Life Wellbeing Scientists search for people with ‘superhero DNA’

Scientists search for people with ‘superhero DNA’

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Medical researchers are on the hunt for 13 lucky people who have what they have dubbed “superhero DNA”.

An international team of scientists studied the DNA of close to 600,000 people, zeroing in on individuals who carried damaging genetic mutations.

But rather than focussing on those who succumbed to illness, they looked at an even smaller sub-group who beat the odds and remained healthy.

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These people were born with a genetic predisposition towards developing serious and debilitating conditions such as cystic fibrosis, but something in their genomes caused them to still be resistant to the illnesses.

The researchers found 13 individuals who they believed could hold the answer to beating a range of illnesses.

But they were not able to contact the unnamed people because of consent rules signed by the study participants.

Professor Stephen Friend from the Mount Sinai Hospital’s Icahn School of Medicine launched the project in 2014 with a global crowd-sourcing appeal for access to people’s DNA samples.

Ultimately the project was able to gain access to hundreds of thousands of DNA samples, provided voluntarily to testing laboratories by individuals from around the world who had agreed their samples could be used for research.

“Basically all we need is information, we need a swab of DNA and a willingness to say, ‘what’s inside me?'” Professor Friend said in a 2014 TED Talk.

“What we are asking and looking for is … a very few individuals who are actually walking around with the risk that normally would cause a disease, but something hidden in them is actually protective and keeping them from exhibiting those symptoms.”

The research is part of a pilot study for what’s been dubbed “The Resilience Project”.

Professor Friend and his team have now launched a follow-up project in which participants will submit their genetic data with the understanding they will be recontacted.

Doctors welcome ‘really exciting’ findings

Professor Bob Williamson from the University of Melbourne, the former director of the Murdoch Children’s Research Institute, is pleased researchers are focussing on the healthy, not just the sick.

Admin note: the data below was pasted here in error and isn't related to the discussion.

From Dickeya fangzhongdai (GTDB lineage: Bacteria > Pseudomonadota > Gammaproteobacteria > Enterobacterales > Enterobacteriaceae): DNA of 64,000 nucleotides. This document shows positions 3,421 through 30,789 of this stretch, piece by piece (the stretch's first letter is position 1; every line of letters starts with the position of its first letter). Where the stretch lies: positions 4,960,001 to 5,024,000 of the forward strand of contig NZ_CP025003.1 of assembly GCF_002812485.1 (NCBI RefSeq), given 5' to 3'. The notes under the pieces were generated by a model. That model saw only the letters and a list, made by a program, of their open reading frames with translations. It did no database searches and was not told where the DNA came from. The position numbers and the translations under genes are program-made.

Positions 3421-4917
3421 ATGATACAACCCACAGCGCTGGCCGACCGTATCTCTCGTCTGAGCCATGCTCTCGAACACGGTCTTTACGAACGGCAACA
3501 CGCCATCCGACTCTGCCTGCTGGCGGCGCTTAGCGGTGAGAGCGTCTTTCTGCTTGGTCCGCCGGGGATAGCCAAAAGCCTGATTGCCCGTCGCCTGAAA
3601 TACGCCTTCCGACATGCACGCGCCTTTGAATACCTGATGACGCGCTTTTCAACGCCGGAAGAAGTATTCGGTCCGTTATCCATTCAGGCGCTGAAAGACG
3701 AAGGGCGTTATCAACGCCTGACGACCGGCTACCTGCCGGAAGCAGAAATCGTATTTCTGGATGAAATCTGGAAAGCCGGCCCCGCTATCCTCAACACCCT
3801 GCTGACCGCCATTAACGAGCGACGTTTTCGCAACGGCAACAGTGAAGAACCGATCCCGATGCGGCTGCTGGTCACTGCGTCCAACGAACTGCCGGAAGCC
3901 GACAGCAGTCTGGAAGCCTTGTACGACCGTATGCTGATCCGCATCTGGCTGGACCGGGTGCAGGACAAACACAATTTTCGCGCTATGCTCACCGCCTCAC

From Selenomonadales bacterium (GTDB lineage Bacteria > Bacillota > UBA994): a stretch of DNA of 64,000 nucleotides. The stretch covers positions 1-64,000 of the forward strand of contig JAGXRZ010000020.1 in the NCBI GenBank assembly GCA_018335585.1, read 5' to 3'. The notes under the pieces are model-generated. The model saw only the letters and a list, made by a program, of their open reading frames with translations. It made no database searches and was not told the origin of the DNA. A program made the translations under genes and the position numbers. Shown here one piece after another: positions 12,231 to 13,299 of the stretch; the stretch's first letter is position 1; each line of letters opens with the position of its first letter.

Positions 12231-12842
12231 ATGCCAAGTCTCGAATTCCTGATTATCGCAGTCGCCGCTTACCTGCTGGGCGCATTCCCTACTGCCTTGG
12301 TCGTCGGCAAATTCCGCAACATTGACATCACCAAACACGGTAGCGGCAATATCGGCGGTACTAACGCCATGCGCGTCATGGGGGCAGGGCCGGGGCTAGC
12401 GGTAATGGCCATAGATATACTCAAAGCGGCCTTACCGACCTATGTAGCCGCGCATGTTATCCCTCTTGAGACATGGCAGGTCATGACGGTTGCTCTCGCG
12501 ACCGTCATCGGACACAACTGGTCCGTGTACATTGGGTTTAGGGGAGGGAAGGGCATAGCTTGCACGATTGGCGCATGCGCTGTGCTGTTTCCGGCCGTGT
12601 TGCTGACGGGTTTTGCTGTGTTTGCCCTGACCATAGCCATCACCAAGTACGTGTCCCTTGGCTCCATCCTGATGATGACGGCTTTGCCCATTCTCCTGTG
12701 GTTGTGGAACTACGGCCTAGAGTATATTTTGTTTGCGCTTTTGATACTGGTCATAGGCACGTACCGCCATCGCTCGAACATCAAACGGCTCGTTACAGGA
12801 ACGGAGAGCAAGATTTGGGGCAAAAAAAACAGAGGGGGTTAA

“We spend all of our time looking at people who are sick and don’t take into account that many people are very healthy indeed,” he said.

“And this is sometimes in spite of the fact that they have a genetic mutation which in many people will cause the disease.”

Professor Williamson said the work promised to create an extraordinary databank of material for ongoing medical research.

“Cystic fibrosis is a disease that we assumed would be caused by a mutation and there was just no way around it,” he said. “And yet they found people who had the mutations that cause cystic fibrosis, and because of other genes, because of other mutations, they did not develop the disease.

“Now this is really exciting because of the perspective it puts on human genetics.”

Professor Williamson said the information could be used to design new drugs to treat people who do develop diseases like cystic fibrosis.

“The most exciting thing for me about this is that so far it’s been used to look at diseases like cystic fibrosis where a single gene, a single mutation is causing the condition,” he said. “But what about cancer, what about heart disease, what about type 2 diabetes?

“These are complex conditions with several genes, and the environment is involved, and yet most people … who are overweight don’t develop type 2 diabetes.”

The study was published on Tuesday in the journal Nature Biotechnology.


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